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Published on Jul 9, 2009
Courtesy National Nuclear Security Administration / Nevada Site Office
0800012 - Operation Ivy, Parts 1 and 2 - 1952 - 1:02:30 - Pacific, Color, Sanitized -
"The island of Elugelab is missing!" President Eisenhower heard this short report on the Mike shot in Operation Ivy from Gordon Dean, Chairman of the Atomic Energy Commission. Mike was the first full-fledged hydrogen bomb to be tested. The island where the device was detonated was vaporized. The hole Mike left was big enough to accommodate several pentagon-size buildings and deep enough to hold the Empire State Building. Mike's yield was an incredible 10.4 megatons, signaling the expansion of the nuclear arsenal from fission to fusion, the same process that occurs in the Sun.
The detonation of the Mike device was the climax of an intense debate over what would be the nation's correct response to the startling news in 1949 that the Soviet Union had detonated a nuclear weapon. Many wanted the U.S. to develop the means to produce and field a large number of fission bombs of varying yields which could be used for tactical purposes. Others believed that the country should institute a crash program like the Manhattan Project to develop a Super weapon based on the idea of forcing together or fusing light atoms with a fissile device to produce enormous amounts of energy.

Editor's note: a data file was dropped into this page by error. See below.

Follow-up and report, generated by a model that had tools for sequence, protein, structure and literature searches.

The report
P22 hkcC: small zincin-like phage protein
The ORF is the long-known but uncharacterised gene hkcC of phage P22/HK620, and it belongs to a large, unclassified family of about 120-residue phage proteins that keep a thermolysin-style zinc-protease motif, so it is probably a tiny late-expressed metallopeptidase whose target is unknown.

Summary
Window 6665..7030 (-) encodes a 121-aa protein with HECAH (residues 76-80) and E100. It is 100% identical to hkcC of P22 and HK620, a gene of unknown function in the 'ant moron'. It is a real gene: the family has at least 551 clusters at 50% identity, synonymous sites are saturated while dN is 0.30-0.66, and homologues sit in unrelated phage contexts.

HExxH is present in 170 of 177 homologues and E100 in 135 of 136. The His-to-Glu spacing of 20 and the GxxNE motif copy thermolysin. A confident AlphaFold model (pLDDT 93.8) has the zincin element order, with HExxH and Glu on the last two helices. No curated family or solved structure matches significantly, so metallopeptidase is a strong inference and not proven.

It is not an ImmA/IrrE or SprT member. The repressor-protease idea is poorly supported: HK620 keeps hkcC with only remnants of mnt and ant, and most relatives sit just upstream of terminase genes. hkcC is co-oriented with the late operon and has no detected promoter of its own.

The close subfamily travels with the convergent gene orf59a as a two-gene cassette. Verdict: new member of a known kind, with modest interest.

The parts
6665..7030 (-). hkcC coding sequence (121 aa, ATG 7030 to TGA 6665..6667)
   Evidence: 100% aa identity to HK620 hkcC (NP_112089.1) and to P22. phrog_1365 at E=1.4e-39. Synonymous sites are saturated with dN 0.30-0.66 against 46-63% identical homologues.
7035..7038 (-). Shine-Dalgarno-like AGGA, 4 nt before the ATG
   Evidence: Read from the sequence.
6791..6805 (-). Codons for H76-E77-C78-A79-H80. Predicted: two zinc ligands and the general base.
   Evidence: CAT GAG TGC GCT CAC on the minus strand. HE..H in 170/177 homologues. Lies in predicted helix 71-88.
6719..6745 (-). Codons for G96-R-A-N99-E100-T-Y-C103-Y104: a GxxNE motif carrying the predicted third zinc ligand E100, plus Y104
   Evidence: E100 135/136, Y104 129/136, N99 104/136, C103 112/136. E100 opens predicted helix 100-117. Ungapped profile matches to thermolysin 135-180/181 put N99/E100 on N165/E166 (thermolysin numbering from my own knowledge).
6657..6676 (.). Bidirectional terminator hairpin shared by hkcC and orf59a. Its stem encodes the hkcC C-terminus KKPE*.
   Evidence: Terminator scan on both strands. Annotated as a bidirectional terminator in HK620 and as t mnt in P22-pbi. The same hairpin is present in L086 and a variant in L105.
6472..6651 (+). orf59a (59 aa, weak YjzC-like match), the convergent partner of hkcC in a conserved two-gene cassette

After a bitter fight among scientific, government and military officials, the President opted for a crash program to demonstrate the Super bomb, now called a hydrogen or thermonuclear weapon. Many designs were evaluated and rejected until the Mike proposal came along. This concept involved the cooling of hydrogen fuel to a liquid form, near absolute zero, and fusing the hydrogen nuclei into helium using the atomic bomb as a trigger.
The Mike device was a 22-foot-long, 5-foot-diameter cylinder housing canisters of liquid hydrogen fuel. These canisters were surrounded by the atomic trigger. The Mike shot occurred on October 31, 1952, and as scientists watched from 40 miles away as the mushroom cloud rose into the stratosphere, the second generation of nuclear weapons was born.
Mike was followed on November 15, 1952, by the King shot, the largest fission device ever tested. It was an implosion bomb, but with an advanced warhead that enabled it to produce 500 kilotons of power.